A variety of choices combine to create an author’s diction, including:
- level of formality: language may be formal, informal, colloquial, or slang
- the denotations—the specific literal meanings of the words used, and their connotations—the emotional implication words may carry (connotations, for example, contribute to the tone of a piece of writing by revealing the author’s attitude toward a subject)
- the use of concrete words—words that refer to objects or events that can be perceived through the senses—to create imagery (as opposed to abstract words such as love, freedom, success, happiness)
- the use of specific terms to create similar images and associations among readers (as opposed to general terms that make writing seem vague and hard to interpret)
- the deliberate use of sound devices (e.g., alliteration, consonance, assonance) to create specific effects
Syntax refers to how writers construct individual sentences to achieve particular effects, such as emphasis or a slower or faster pace. Syntax involves three main elements: sentence length (shorter and longer); sentence structure (simple, compound, complex, and compound/complex); and sentence pattern (placement of subjects, verbs, objects, and complements). Effective writing demonstrates variety in each of these main elements. Working in a small group, use the form below to analyze the syntax of a passage of three or four paragraphs from a text. What effect does the writer achieve with the examples of syntax you have chosen?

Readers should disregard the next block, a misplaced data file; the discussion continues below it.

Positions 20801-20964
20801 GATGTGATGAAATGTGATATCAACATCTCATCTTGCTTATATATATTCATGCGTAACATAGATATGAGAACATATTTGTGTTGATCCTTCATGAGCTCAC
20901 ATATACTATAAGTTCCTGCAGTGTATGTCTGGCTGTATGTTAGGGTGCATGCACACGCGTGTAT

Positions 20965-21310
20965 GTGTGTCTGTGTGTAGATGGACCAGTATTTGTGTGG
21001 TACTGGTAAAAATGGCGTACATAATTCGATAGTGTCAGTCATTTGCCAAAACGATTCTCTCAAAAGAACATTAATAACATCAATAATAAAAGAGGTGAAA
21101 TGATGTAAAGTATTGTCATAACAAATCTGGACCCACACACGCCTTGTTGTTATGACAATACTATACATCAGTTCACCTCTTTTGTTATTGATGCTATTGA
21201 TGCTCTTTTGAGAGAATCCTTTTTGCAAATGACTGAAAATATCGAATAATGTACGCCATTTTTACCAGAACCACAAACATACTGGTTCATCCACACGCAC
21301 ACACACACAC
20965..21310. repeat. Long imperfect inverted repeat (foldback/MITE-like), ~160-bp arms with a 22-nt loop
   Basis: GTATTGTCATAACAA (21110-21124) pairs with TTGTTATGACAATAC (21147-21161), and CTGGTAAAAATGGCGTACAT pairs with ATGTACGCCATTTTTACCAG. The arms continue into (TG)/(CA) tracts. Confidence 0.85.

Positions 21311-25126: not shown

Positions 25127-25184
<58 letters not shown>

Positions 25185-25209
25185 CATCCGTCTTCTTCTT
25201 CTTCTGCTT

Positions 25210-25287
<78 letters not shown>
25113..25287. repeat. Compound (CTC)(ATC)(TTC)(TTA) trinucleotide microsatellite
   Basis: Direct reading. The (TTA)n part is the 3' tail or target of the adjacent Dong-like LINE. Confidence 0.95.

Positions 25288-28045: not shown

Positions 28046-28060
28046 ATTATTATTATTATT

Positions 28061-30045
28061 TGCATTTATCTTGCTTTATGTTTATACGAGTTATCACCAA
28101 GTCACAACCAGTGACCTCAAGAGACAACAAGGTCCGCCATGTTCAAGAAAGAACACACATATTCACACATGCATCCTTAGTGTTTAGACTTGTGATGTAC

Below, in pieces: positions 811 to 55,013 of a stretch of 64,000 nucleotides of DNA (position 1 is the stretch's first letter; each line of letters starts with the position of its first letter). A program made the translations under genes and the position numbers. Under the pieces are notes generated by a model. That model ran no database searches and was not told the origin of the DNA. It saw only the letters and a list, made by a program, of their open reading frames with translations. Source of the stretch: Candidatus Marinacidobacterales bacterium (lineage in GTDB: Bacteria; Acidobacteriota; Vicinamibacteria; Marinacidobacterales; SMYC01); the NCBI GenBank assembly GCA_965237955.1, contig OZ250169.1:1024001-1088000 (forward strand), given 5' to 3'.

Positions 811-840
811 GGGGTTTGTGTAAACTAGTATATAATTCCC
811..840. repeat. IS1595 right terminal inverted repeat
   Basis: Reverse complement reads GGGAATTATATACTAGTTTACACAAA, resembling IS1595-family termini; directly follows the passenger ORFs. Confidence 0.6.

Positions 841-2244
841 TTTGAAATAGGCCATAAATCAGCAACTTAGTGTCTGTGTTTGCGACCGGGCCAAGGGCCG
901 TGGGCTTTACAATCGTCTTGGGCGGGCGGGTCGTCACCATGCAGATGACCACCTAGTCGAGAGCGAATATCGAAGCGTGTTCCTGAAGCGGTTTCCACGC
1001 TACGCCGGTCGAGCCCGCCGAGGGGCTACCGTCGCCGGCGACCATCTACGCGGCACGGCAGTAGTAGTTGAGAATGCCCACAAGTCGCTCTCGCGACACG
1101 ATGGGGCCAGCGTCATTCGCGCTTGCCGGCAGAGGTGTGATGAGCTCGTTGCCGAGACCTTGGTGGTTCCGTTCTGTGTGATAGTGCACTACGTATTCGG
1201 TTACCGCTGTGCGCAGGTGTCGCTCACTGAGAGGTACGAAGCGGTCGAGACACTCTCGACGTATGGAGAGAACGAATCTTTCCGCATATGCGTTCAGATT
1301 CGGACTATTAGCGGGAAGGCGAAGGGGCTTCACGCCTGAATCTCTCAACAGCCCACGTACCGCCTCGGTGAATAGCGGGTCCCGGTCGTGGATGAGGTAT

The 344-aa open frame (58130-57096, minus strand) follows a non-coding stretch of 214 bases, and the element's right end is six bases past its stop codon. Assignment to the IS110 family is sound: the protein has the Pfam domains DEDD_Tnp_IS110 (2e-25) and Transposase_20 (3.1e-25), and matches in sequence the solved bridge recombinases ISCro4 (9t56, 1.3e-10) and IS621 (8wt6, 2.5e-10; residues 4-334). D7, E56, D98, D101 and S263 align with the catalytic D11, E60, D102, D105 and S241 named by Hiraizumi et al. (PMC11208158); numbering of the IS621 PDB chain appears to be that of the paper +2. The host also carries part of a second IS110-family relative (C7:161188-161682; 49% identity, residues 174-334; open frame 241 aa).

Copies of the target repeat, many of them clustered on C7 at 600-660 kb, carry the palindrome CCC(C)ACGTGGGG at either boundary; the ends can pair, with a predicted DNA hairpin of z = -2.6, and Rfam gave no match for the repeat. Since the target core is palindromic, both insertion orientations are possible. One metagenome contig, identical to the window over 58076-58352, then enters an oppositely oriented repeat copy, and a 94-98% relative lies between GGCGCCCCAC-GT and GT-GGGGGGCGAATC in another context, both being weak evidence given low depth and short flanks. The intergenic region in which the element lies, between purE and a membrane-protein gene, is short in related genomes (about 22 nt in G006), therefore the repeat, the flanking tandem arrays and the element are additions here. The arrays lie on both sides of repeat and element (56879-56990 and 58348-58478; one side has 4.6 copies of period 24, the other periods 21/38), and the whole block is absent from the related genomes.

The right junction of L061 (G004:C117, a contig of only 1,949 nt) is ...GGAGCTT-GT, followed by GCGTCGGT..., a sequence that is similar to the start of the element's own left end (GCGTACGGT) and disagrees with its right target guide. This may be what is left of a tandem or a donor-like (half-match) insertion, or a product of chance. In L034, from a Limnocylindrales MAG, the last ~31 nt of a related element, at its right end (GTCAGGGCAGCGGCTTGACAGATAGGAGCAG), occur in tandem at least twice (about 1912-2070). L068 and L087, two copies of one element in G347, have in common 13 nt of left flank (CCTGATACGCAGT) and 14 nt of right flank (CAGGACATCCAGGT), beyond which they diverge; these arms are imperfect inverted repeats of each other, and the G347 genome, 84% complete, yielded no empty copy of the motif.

Voice and Style
Voice is the distinctive identity or personality a writer reveals. That voice comes through in the writer’s particular writing style. Style is the result of the decisions a writer makes, such as word choice, use of figurative language, and sentence structure.